Um, so did John Cowan. Did he wind up on The9513’s s**t list somehow, or did someone not recognize his name?

    I’m sure it was just oversight, no slight was meant, but geez…

  7. Jon
    December 7, 2009 at 3:13 pm

    I’m sure it was just oversight…

    All righty, then. FYI, it’s a really good album. He’s a singing mofo.

  8. SW
    December 7, 2009 at 3:46 pm

    Luke Bryan, like so many young acts, is suffering from a situation where he thinks he is far bigger than he is. Comments like the million album figure and being one of the three most country guys just make him seem like a self involved ass. As for the musical growth he talked about, after listening to his new album, I noticed a number of songs that sound exactly like stuff off his first.

  9. Brody Vercher
    December 7, 2009 at 4:42 pm

    Who is John Cowan? ;)

  10. Rick
    December 7, 2009 at 4:42 pm

    Hey Northy, thanks for the Carrie pics link. I may not care much for her singing, but Carrie in a skimpy bikini is another matter entirely! (lol)

    So the big mystery is whether “Band Perry” will do better at Top 40 country radio than Jypsi? The suspense is killing me! (lol)

  11. Paul W Dennis
    December 7, 2009 at 5:28 pm

    I’ve always felt that the Grammys were the most suspect of the awards, sometimes being awarded on the basis of some polital agenda rather than on artistic merit. There have been some rather clueless nominations, and often the Academy runs on auto-pilot in some of the genres

    Yes, there have been occasional moments of insight and clarity such as when Herbie Hancock took home the best album Grammy a few years ago, but truthfully, I don’t give them much creedence although I suspose that the recipients are (and should be) pleased to receive them

  12. Jon
    December 7, 2009 at 6:50 pm

    Don’t get me started, Brody!

  13. Leeann Ward
    December 7, 2009 at 6:56 pm

    Cowan’s Christmas album is great.

  14. okla
    December 7, 2009 at 10:53 pm

    We still hope that Carrie will save her hometown movie theater

  15. bobbi
    December 8, 2009 at 12:04 am

    WOW….dont judge Luke Bryan by his comments…he was just making a general statement. He is one of the MOST humble and down to earth artists out there. His comment dealth more with his goal of staying true to himself than it was about who is the most ‘country’ or how many albums he sells. Dont be so quick to jump on artists. Luke is an amazing singer, song writer and performer!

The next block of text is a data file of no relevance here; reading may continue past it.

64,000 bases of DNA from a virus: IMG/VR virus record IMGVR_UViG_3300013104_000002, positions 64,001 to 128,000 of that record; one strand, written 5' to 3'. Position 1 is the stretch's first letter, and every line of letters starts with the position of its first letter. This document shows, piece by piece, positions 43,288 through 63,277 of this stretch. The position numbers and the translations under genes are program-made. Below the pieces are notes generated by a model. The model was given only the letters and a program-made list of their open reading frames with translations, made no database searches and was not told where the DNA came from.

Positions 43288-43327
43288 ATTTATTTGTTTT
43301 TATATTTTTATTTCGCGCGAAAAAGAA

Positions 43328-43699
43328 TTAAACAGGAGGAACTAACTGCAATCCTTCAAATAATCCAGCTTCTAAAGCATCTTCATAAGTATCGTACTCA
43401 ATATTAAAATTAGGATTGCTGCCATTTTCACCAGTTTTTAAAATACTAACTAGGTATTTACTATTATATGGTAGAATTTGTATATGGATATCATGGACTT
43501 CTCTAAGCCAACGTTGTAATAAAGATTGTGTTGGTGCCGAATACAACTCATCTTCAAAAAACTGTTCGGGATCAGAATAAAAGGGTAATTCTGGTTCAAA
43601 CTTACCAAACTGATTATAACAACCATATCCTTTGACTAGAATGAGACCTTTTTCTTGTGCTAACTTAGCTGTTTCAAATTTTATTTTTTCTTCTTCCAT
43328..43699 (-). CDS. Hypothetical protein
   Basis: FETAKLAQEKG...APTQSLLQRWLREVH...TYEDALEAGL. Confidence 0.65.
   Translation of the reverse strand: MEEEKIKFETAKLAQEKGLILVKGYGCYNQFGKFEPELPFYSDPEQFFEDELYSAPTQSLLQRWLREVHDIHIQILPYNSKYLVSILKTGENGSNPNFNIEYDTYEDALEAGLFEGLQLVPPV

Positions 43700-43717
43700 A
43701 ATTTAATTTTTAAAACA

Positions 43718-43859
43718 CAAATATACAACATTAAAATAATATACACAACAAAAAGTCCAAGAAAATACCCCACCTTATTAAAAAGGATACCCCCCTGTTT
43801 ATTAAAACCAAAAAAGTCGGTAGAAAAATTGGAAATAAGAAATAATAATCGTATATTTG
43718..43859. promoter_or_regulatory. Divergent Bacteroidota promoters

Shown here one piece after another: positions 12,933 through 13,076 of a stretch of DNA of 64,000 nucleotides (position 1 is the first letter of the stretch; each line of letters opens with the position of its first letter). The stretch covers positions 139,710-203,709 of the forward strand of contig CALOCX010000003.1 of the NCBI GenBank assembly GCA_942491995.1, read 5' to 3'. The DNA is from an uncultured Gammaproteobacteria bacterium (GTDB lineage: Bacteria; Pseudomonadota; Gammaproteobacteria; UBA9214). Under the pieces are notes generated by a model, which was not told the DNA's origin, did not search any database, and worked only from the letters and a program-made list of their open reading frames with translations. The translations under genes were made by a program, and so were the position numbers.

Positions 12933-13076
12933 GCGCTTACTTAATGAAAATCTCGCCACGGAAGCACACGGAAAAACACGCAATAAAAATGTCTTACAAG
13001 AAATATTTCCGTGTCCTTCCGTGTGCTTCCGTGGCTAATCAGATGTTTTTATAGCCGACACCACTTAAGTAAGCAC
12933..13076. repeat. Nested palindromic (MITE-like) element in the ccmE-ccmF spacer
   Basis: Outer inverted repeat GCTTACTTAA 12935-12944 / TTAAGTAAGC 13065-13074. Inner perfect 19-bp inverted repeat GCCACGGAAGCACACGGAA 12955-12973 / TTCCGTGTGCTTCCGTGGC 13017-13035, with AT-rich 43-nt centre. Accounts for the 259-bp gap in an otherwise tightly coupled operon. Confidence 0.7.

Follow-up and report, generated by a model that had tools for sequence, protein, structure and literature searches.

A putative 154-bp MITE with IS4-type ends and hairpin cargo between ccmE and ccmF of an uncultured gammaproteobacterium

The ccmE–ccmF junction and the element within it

16. sam (sam)
    December 8, 2009 at 1:26 am

    Bobbi – I don’t think its realistic to ask people not to judge someone “by his comments.”

  17. MaeB
    December 8, 2009 at 10:48 am

    I thought Brad Paisley sounded awful on his duet with Carrie…Louisiana Woman, Mississippi Man. Carrie did good, but Brad’s voice is too weak to sound anything like Conway Twitty. He sang alright on his sappy THEN. But Carrie and Dolly were outstanding on their duet! I just watched the show to see Dolly sing with Carrie. The show in parts was corny, but in all some good singing.

  18. bobbi
    December 8, 2009 at 2:51 pm

    I didnt mean not to judge him, I just meant to actually look at the purpopse of his comment. He is just talking about staying true to himself, dont chastise him for the ‘surface’ level of his words, try to actually understand their meangin

  19. bulldog
    December 22, 2009 at 10:19 am

    If you really don’t know who John Cowan is, you are truley deprived! If you don’t know him and you are a fan of bluegrass, you’re just in denial, ;) It’s no secret this business is all about marketing. Cow’s legendary voice and innovative styling raise him to a level of talent the Academy can’t seem to comprehend, much less appreciate. If he ever gets a foot-hold in the “marketing arena”….”Who is John Cowan?” will make a classic headline. The real story here is, if he, his band or his fans cared what the Acadamy thought of his music, he would have quit long ago. Lucky for us, that ain’t the case!
    The Christmas album is timeless, and John’s band performs it and everything they do with more fire and precision than any bluegrass band on any market.